Monday, 01 September 2014
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Pentagram’s DJ Stout redesigns Times Educational Supplement

Texas-based Pentagram partner DJ Stout has redesigned the Times Educational Supplement, which is moving from a newspaper to a magazine format.

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Stout, who worked on the project with TES creative director Alex Morgan, has also created a new identity for the TES, using lower-case text and developing the serifs into coloured graphic devices.

The TES, which is aimed at teachers and those working in education, was originally published by The Times. It is now run by independent publisher TSL Education. The title was last redesigned by David Hillman in 2006.

Stout says he was appointed to the work in April, having previously worked with TSL Education chief executive Louise Rogers when she was publisher of US title Guitar Player Magazine. He says, ‘The distance hasn’t been a problem at all.’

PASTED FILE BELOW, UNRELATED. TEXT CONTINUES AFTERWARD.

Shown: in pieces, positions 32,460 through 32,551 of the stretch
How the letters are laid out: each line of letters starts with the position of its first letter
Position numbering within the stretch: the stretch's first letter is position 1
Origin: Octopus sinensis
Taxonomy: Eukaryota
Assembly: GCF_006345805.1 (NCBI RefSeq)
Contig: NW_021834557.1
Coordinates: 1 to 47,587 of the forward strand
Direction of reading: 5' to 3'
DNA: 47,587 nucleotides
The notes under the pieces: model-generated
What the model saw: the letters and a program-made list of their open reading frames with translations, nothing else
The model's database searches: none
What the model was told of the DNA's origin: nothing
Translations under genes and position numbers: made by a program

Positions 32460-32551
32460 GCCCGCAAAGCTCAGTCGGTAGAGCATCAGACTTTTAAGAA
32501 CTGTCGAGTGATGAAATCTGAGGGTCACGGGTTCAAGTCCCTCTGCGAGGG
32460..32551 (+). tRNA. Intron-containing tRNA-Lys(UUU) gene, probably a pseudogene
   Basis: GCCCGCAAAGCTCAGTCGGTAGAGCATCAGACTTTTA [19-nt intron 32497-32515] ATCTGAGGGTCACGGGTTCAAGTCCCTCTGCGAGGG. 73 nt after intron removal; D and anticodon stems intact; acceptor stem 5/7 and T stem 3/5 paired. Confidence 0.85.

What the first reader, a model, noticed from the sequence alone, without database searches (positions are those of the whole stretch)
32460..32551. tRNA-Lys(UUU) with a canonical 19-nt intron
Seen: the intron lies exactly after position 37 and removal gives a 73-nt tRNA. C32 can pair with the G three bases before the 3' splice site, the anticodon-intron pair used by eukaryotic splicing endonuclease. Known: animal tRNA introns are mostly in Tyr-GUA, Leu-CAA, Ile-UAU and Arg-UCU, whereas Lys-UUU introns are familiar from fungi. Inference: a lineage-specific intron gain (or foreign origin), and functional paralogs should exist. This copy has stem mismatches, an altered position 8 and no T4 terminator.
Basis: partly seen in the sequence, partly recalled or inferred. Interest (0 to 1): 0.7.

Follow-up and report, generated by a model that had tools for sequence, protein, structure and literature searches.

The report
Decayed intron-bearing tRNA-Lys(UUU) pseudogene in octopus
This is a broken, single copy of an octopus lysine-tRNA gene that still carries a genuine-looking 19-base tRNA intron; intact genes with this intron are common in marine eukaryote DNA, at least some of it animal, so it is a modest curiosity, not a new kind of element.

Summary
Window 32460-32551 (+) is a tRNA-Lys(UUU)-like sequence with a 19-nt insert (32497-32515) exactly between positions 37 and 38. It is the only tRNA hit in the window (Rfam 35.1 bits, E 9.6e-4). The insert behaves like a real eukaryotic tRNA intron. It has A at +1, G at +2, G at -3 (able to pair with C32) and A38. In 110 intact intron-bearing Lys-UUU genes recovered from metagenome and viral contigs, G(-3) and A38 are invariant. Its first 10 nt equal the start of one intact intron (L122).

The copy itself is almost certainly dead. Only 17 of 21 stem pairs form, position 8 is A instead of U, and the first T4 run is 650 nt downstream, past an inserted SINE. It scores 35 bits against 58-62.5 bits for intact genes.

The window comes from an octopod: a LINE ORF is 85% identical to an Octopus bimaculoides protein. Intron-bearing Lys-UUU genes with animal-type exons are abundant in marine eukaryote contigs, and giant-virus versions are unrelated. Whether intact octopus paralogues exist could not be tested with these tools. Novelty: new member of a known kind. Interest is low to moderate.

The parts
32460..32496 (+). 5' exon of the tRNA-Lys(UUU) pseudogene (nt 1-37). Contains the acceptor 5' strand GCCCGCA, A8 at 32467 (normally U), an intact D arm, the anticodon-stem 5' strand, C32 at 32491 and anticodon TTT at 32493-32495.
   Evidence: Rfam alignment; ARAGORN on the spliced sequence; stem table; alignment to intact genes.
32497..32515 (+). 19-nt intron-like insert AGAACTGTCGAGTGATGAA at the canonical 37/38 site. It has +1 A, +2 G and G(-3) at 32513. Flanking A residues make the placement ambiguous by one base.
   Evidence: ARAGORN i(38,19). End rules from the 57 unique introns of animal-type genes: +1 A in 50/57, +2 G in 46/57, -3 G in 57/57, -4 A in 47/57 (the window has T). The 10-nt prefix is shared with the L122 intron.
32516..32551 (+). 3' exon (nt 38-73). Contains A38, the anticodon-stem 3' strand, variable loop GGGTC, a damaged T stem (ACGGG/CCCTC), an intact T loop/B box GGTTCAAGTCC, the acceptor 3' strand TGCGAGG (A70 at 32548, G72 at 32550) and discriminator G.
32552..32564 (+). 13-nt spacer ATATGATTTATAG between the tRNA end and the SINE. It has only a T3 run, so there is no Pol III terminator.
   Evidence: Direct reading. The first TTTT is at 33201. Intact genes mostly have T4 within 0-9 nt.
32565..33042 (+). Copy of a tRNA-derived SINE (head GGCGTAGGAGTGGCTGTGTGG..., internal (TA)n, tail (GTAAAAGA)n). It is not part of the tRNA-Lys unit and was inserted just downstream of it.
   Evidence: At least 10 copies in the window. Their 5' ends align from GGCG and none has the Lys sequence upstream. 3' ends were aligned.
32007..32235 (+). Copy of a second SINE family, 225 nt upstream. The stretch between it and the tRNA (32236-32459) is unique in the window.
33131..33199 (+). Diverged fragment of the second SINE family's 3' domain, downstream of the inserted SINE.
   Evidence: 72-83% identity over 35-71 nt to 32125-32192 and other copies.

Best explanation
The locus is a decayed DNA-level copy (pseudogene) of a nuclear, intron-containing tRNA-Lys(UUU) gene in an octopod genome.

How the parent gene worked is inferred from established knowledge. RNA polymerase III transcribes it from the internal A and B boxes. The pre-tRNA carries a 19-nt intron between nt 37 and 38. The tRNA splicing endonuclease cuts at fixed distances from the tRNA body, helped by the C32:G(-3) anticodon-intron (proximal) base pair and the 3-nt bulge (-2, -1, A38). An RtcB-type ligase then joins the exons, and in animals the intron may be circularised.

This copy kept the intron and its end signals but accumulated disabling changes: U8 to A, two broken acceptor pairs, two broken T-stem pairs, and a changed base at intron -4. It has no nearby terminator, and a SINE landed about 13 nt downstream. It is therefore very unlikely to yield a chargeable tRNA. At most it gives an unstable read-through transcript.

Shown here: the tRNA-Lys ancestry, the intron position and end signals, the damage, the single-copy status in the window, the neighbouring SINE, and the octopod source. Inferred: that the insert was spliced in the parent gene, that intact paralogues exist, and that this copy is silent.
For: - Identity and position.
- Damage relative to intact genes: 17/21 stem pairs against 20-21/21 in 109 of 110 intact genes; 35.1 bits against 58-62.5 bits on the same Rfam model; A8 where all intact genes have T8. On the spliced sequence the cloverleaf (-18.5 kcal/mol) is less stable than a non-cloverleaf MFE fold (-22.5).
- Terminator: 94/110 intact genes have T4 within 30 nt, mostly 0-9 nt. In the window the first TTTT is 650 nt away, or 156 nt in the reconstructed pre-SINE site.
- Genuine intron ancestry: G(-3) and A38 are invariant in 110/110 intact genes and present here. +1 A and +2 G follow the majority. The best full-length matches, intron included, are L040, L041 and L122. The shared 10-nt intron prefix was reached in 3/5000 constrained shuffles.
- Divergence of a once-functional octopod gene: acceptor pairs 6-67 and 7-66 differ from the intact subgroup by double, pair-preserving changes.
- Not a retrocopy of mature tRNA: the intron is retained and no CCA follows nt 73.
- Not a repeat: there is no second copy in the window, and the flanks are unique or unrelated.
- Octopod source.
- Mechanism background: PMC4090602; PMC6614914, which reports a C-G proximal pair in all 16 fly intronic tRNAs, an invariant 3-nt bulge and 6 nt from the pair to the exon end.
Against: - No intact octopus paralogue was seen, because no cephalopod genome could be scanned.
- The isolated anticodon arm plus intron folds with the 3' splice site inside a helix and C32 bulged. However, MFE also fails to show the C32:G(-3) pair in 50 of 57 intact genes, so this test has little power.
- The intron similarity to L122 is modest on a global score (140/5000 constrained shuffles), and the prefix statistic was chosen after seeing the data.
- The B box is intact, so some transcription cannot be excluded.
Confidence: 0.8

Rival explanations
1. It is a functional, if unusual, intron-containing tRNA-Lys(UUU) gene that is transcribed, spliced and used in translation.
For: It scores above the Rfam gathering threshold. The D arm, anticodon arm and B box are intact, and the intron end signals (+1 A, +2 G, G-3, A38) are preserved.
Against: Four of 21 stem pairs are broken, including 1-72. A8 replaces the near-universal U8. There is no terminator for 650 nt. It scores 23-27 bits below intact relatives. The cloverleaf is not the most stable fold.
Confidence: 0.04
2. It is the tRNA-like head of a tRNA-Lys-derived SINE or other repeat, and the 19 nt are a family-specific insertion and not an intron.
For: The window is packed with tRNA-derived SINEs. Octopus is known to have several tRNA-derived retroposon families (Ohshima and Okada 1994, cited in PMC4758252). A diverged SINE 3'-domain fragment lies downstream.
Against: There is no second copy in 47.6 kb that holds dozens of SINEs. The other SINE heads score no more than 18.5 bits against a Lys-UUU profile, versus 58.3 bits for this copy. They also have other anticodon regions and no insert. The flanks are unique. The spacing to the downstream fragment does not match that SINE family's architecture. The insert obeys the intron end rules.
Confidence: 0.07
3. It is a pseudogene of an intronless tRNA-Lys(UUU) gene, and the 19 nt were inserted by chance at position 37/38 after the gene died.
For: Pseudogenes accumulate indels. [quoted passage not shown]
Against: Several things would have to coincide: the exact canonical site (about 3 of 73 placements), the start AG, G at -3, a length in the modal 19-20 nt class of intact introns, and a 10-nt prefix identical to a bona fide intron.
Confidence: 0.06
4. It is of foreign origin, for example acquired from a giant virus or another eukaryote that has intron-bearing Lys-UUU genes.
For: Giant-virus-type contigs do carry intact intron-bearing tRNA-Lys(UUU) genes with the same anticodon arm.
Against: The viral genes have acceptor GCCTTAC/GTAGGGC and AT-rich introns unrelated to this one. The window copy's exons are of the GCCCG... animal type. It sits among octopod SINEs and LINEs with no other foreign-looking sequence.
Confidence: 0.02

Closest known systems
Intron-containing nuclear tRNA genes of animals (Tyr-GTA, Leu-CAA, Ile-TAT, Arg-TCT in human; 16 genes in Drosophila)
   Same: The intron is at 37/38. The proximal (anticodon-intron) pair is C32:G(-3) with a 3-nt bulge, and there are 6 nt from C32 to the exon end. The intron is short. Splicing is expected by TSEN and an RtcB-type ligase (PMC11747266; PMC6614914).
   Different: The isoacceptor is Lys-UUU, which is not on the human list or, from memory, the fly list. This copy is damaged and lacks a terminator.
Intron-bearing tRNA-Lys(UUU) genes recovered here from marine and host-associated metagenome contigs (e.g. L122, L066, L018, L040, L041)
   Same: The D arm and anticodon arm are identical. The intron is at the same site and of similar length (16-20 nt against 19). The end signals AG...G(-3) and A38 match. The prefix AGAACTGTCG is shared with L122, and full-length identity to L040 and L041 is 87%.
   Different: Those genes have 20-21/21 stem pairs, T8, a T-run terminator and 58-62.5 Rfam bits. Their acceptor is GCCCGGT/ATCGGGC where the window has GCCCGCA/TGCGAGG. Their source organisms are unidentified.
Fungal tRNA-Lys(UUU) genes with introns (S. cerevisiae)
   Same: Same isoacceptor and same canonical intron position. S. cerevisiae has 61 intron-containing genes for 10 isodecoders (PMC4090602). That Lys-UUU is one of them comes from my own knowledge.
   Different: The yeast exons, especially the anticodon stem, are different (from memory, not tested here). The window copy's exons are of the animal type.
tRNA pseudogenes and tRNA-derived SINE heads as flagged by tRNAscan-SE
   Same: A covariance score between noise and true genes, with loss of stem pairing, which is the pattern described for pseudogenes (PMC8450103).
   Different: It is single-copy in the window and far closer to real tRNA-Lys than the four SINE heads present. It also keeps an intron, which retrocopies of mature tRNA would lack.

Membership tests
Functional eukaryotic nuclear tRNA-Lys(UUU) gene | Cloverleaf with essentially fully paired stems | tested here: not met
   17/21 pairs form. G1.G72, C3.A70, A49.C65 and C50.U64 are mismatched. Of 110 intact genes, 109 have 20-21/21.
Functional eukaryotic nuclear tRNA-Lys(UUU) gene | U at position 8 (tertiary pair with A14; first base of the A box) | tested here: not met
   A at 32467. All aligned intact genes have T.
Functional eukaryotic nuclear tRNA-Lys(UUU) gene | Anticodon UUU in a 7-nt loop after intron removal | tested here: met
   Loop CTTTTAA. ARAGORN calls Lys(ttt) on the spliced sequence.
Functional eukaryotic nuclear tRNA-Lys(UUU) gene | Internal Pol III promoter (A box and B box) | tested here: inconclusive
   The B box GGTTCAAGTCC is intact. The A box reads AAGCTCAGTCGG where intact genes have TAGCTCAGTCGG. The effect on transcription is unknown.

Stout says, ‘We redesigned the publication, which was more of a newspaper than a magazine, to be more lively and entertaining while at the same time keeping its journalistic integrity.

‘The new format is designed to be flexible and more effective at communicating to its unique constituency.’

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The new design features a front news section, which Stout says has an emphasis ‘more on analysis of the news and current events as opposed to trying to break news’. The middle of the magazine features a lengthier in-depth cover story and the bound-in TES Pro magazine.

This is followed by a resources section, a comment section, and an FE Focus section. The magazine is published with a newsprint jobs supplement.

The Century, Caecilia, Metric and Eloquent fonts are used through the magazine.

Of the redesigned TES identity, Stout says, ‘The [previous] all-caps logo seemed a bit formal and corporate to me and too much like an acronym, which is what it was to begin with. Going to lower-case makes the word TES seem more personable and friendly.’

He says the coloured serif graphic devices ‘resemble thought or dialogue balloons, symbolising the conversations and ideas generated in the publication, and commas or apostrophes, representing the magazines writing and journalistic excellence.’

TES editor Gerard Kelly says, ‘We appreciate that not many publishers are investing in print at the moment, but we believe that there is a space for iconic design and a professional, sophisticated publication for the right audience.’

The redesigned TES hits shelves today.

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